The Cambodian navy on Monday formally took control of Koh Damlong, a remote island that was slated to become the crown jewel of Sergei Polonsky’s offshore tourism project before the Russian developer was deported to Moscow to stand trial on serious fraud charges, officials said Tuesday.
Located more than 50 km off the coast of Sihanoukville, the island had become Mr. Polonsky’s second home in the months before his deportation on May 17—ostensibly for not having a passport—and was where the former billionaire was arrested two days prior.
Chhin Seng Nguon, deputy governor of Preah Sihanouk province, said he led a group of police, military police, naval officers and local government officials to the island on Monday to inspect the property and inventory its assets, which consisted of about two dozen wooden bungalows and other buildings, along with furniture, sculptures and two metal safes.
Nothing was moved or taken to the mainland, Mr. Nguon said, and none of Mr. Polonsky’s former staff members were present when the officials arrived from Sihanoukville. Mr. Polonsky’s other properties—including his private residence on Koh Dek Koul island and 30-meter yacht—were already in the custody of Sihanoukville police, he added.
After completing the inspection of Koh Damlong, the island was left in the care of a contingent of officers from the navy’s base on nearby Koh Tang island, the deputy governor said.
“We handed it over to…the navy to temporarily look after it until there is a decision from my superiors,” he said.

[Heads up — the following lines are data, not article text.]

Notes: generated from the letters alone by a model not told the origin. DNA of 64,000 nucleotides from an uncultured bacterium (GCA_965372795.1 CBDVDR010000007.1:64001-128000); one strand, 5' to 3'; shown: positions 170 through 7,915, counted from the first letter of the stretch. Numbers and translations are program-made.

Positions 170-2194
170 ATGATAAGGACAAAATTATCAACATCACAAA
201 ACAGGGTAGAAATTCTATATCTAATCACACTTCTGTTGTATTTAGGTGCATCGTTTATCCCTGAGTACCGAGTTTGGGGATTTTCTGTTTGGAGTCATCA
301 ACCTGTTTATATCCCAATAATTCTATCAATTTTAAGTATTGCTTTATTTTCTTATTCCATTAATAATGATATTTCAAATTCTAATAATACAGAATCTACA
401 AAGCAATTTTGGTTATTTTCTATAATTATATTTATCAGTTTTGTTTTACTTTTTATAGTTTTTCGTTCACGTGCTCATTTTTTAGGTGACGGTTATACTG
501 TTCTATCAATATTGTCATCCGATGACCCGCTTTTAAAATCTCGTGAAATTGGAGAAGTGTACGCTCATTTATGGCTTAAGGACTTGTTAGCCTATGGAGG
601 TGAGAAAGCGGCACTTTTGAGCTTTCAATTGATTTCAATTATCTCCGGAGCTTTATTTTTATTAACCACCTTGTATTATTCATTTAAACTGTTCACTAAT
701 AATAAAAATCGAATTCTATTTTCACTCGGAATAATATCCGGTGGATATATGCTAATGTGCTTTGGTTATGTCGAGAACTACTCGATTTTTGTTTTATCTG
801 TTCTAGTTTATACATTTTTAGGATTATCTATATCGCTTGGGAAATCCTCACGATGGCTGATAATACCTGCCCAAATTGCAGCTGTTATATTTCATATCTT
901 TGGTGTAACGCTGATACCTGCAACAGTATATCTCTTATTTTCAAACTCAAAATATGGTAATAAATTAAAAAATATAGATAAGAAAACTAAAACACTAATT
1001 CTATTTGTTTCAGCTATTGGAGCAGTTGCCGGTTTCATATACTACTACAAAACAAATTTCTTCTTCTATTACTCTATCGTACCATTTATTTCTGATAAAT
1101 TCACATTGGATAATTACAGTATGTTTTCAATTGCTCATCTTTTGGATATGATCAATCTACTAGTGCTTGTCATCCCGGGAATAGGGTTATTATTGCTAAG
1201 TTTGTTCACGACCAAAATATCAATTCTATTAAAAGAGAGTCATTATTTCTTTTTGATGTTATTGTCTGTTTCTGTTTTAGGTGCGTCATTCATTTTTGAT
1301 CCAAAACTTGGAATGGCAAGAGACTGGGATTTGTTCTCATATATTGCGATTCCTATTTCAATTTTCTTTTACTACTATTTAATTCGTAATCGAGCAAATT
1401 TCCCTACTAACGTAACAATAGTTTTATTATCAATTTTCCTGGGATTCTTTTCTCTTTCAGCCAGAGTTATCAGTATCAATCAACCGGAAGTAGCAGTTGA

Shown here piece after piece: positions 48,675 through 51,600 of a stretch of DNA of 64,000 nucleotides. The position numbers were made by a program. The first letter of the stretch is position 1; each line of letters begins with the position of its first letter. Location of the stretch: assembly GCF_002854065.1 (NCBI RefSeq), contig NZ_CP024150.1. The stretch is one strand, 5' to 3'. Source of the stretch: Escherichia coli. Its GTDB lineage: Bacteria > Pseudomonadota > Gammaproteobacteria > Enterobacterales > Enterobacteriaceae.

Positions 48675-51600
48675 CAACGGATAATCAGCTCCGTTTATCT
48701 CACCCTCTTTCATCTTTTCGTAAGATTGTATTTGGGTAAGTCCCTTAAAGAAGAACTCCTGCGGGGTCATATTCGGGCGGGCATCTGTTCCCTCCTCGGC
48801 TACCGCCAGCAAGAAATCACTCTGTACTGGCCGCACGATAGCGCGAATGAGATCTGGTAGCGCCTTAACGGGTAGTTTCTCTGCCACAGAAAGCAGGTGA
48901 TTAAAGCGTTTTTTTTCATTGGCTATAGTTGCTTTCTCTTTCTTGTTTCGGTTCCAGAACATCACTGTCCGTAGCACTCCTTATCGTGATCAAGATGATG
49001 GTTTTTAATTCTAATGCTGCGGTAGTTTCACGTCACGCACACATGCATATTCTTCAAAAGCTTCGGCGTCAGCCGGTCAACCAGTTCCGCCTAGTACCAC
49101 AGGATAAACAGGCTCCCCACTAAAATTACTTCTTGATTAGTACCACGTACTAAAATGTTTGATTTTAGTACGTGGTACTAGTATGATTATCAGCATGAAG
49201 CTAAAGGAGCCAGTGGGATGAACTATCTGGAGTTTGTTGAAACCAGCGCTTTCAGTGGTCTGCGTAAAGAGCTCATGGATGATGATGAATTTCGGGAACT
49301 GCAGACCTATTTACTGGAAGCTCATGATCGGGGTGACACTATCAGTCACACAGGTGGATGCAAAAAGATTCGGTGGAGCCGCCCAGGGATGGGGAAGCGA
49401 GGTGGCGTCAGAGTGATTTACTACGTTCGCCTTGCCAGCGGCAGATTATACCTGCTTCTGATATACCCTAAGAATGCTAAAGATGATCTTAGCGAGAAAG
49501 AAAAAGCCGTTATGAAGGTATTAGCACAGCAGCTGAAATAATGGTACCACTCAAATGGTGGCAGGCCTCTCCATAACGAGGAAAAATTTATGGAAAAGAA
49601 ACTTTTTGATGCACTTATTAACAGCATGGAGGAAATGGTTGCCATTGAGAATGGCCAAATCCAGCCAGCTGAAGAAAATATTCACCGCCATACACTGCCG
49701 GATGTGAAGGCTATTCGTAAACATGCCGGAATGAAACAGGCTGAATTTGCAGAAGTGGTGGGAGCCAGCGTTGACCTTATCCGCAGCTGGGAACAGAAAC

Yos Sivutha, commander of the Koh Tang naval force, confirmed that his officers would be stationed on the island from now on, but declined to comment further.
Mr. Polonsky, 42, once one of the richest men in Russia, was charged in 2013 with embezzling millions of dollars from investors in two Moscow residential developments and subsequently placed on Interpol’s most-wanted list. For fear that he would not receive a fair trial in Russia, he moved to Cambodia and began investing his fortune in a string of islands that he hoped to turn into a high-end tourism destination.
Cambodian courts turned down multiple extradition requests from Moscow over the past two years, but last month, his fortunes shifted.
On May 15, he was arrested with five associates on Koh Damlong and flown by helicopter to Phnom Penh. Two days later, he was put on a plane to Moscow. At the time, officials said he was deported for not having a passport, but arrested for having established an illegal bodyguard unit. Lawyers for Mr. Polonsky said his swift expulsion was the result of a “secret deal” between Cambodia and Russia.
Contacted Tuesday, Mr. Polonsky’s London-based lawyer, Sergei Vladi, said that upon landing in Moscow, his client was immediately sent to the city’s Matrosskaya Tishina prison to await trial.
Mr. Vladi said he had been in regular contact with Mr. Polonsky, who expected to be convicted of “the crimes he never committed” and had little hope that his assets in Cambodia would ever be returned to him. The lawyer estimated that Mr. Polonsky had invested more than $13 million in Cambodia.
“Everything personal which belongs to Polonsky…was stolen. The Rolls Royce, other cars, even credit cards…were confiscated,” he said, adding that devices containing his client’s personal data were promptly sent to the prosecutor in his case, Oleg Silchenko, a notorious government investigator.
“Together with Polonsky was stolen all of his computers and all of his iPads and all of his iPhones,” he said. “All of his personal data, it was delivered directly to the prosecutor.”
Mr. Polonsky’s treatment at the hands of Cambodian authorities, Mr. Vladi added, also made it unlikely that his client would return to Cambodia himself.
“He was just taken as a cat from his home in Cambodia and delivered into the skillful hands of Mr. Silchenko,” he said. “Do you think this man will come back?”